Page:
Ipswich - 01473 213311
Colchester - 01206 584584
Felixstowe - 01394 834557

Family, Relationships & Divorce

Family, Relationships and Divorce Lawyers

In Ipswich, Felixstowe and Colchester

Kerseys’ specialist team of qualified Family, Relationship, and Divorce Solicitors are always on hand to help you through even the toughest times with practical and straightforward advice.

Our team of experienced divorce and family lawyers are sympathetic people dedicated to helping clients – whether married or unmarried – through serious family troubles. The team has many years of experience in acting for clients in difficult matrimonial cases and childcare proceedings.

If you have any questions or queries regarding family, relationships and divorce law, then get in contact with our lawyers in either our Ipswich, Felixstowe or Colchester office.

I need help with:


When a relationship breaks down and there are children involved, parents are not always able to reach agreement about issues such as who the children will live with and how much time they should spend with the other parent.


Collaborative Law

Collaborative Law is a form of alternative dispute resolution for family issues such as divorce, finances and children arrangements.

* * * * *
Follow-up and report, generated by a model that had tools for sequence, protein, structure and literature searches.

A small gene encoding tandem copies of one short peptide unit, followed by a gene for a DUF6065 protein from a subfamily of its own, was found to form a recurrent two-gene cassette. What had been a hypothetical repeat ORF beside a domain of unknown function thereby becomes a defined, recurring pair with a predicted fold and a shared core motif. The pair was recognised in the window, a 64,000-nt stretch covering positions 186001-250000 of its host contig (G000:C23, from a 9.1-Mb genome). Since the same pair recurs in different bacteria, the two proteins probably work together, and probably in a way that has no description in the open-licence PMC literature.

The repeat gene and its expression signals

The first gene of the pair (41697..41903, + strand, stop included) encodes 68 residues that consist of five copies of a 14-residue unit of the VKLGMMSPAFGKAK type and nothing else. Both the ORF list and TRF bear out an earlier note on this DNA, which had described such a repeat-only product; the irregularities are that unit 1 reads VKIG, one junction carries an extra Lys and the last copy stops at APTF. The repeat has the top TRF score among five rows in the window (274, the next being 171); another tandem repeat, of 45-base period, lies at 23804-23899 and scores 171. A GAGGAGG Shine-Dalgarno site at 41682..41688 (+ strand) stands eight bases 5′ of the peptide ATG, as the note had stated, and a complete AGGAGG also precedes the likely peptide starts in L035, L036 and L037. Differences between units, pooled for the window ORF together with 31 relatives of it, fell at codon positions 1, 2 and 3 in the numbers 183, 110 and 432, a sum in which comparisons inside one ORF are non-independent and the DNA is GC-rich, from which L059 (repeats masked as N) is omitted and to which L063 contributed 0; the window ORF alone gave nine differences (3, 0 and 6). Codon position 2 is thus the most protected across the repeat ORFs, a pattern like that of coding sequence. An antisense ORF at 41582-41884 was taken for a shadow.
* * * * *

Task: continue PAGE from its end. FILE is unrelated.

Collaborative Law


We understand that the breakdown of a marriage or a civil partnership is a highly stressful and emotional time. Whether you want to obtain a divorce or dissolve a civil partnership, the court has to be shown that the marriage/civil partnership has irretrievably broken down.



Family mediation is a process where a Mediator supports and helps you and family members to communicate more effectively and to find consensual resolution during times of dispute.



We can help you through the most delicate and emotionally upsetting of family problems with sensitivity coupled with practical efficiency.


Cohabiting Law

With more and more people choosing to live together rather than marrying, it is a good time to review this area of law.

It remains a myth that two people living together are “common-law spouses” and it is also a myth that you somehow acquire an interest in the other person’s property or assets after you have lived together for six months.